The line in last Friday’s New York Times summed it up: Some Israelis and their American supporters are furious with President Barack Obama, the Times reported, because they saw his Cairo speech as “elevating the Palestinians to equal status.” And those who would be threatened by Palestinians being viewed as equal human beings to Israelis may have reason to be concerned. That’s because whatever its policy implications — and the jury is very much still out on those — Obama’s Cairo speech marked a profound conceptual shift in official Washington’s discourse on the nature and causes of the Israeli-Palestinian conflict, and of America’s obligations to each side. So much so that one as prone pessimism as I was before the speech was forced to note that the reason Israel’s more right-wing supporters are worried is that, rhetorically at least, Obama was trying to move the U.S. position towards one of an honest broker. Continue reading

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How to Break the U.S.-Hamas Impasse

Israel and even some Arab leaders still speak fancifully about putting Fatah in charge of rebuilding Gaza, but that’s a dangerous fallacy. The reality on the ground is that no progress is possible in Palestinian political life – from Gaza’s ceasefire and reconstruction to meaningful peace negotiations with Israel – without the consent and support of Hamas. Tying progress on those fronts to efforts to marginalise Hamas gives Hamas an incentive to play the spoiler, and with the credibility of Abbas and Fatah in Palestinian eyes now at an all-time low, it simply isn’t smart politics.

Hamas has to be involved, but that requires finding a formula to deal with the prohibitions imposed by the US and its allies on engaging Hamas until the movement symbolically renounces violence, recognises Israel and embraces past peace agreements. Hamas is unlikely to make declarations that it would deem a symbolic surrender, and nor is the US likely to reverse itself on those preconditions, as President Barack Obama has now twice made clear.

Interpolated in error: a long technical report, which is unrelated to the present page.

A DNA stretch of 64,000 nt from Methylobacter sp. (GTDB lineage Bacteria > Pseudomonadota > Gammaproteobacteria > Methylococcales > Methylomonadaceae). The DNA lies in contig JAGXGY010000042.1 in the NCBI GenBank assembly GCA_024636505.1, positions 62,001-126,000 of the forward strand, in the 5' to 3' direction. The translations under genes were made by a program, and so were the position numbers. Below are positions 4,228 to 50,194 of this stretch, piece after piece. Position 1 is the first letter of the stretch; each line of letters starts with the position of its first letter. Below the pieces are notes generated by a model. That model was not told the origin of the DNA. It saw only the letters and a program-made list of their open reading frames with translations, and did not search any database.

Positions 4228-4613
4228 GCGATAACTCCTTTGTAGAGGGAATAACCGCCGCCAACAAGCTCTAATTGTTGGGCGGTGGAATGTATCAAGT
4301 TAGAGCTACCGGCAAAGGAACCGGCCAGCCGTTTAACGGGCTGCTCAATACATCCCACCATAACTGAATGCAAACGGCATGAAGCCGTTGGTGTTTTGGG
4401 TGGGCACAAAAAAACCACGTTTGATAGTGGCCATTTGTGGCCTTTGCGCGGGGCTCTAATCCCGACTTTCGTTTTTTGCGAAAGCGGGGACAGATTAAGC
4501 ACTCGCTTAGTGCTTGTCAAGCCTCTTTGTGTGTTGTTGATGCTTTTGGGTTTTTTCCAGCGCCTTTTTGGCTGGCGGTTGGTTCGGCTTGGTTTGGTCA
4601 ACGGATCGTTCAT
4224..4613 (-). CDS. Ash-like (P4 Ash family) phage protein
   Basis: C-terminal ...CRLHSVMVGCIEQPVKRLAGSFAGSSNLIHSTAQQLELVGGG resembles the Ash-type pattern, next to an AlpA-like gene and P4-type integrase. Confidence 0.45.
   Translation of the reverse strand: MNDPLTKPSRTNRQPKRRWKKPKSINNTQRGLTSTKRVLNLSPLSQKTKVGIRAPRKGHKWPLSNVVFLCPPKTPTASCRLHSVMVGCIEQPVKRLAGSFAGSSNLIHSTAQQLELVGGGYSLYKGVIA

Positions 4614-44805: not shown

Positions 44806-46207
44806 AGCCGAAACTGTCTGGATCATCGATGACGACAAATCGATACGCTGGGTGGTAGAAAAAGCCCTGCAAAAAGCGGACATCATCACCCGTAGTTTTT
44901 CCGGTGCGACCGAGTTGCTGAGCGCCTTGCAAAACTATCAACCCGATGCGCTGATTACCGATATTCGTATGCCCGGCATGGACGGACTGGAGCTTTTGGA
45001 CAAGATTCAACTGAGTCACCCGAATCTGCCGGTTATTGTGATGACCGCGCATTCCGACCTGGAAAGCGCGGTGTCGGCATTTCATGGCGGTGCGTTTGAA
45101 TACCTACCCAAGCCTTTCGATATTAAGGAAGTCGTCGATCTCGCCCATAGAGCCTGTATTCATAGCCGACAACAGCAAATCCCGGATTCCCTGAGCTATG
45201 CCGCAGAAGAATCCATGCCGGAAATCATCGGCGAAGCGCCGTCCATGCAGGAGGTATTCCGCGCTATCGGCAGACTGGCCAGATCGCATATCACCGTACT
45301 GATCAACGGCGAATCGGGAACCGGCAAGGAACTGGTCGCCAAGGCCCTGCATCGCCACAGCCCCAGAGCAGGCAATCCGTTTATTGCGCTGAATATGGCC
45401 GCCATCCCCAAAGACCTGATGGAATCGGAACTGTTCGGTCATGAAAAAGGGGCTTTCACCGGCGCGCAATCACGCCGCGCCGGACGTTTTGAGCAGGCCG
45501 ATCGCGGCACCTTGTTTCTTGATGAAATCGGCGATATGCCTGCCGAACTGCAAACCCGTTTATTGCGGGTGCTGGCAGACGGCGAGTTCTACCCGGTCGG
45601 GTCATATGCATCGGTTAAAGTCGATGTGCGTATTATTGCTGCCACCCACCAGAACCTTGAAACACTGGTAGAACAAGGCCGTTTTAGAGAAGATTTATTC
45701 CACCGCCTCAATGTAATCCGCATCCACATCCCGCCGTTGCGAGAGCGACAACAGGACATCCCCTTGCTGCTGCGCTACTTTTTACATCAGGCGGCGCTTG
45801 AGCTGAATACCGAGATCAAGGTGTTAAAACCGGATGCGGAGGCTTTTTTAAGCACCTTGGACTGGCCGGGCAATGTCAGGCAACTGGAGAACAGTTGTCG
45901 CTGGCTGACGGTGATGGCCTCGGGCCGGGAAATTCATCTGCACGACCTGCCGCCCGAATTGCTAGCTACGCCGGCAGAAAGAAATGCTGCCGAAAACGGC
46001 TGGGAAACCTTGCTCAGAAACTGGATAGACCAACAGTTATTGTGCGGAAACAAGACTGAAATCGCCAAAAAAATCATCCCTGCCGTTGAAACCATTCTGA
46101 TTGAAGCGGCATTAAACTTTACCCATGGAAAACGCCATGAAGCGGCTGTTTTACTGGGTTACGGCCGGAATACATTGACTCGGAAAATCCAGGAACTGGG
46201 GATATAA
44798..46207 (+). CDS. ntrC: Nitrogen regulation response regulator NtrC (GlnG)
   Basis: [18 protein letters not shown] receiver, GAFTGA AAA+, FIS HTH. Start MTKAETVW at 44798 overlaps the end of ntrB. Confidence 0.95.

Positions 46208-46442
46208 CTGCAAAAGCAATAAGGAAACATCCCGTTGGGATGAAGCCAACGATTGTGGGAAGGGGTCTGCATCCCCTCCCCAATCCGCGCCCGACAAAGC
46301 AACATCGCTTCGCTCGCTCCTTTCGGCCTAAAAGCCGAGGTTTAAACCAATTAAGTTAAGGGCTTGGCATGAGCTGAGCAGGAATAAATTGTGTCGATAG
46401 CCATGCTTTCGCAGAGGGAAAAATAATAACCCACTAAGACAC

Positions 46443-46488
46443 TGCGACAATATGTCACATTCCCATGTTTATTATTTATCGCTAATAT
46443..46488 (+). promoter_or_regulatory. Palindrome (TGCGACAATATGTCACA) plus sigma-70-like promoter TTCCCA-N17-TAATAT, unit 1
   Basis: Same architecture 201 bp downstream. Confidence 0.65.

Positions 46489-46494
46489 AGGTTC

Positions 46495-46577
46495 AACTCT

The art of diplomacy, in such an instance, is to find a way for both sides to compromise without appearing to do so. And the good news is that there’s plenty of scope for closing the gap. Israel and even some Arab leaders still speak fancifully about putting Fatah in charge of rebuilding Gaza, but that’s a dangerous fallacy. The reality on the ground is that no progress is possible in Palestinian political life – from Gaza’s ceasefire and reconstruction to meaningful peace negotiations with Israel – without the consent and support of Hamas. Tying progress on those fronts to efforts to marginalise Hamas gives Hamas an incentive to play the spoiler, and with the credibility of Abbas and Fatah in Palestinian eyes now at an all-time low, it simply isn’t smart politics.

Hamas has to be involved, but that requires finding a formula to deal with the prohibitions imposed by the US and its allies on engaging Hamas until the movement symbolically renounces violence, recognises Israel and embraces past peace agreements. Hamas is unlikely to make declarations that it would deem a symbolic surrender, and nor is the US likely to reverse itself on those preconditions, as President Barack Obama has now twice made clear.

The art of diplomacy, in such an instance, is to find a way for both sides to compromise without appearing to do so. And the good news is that there’s plenty of scope for closing the gap. Continue reading

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Sound Advice for the Next President

To grasp the challenge facing U.S. foreign policy, read Helena Cobban’s new book Engage! Continue reading

Posted in Shameless Cronyism | Tagged , , | 6 Comments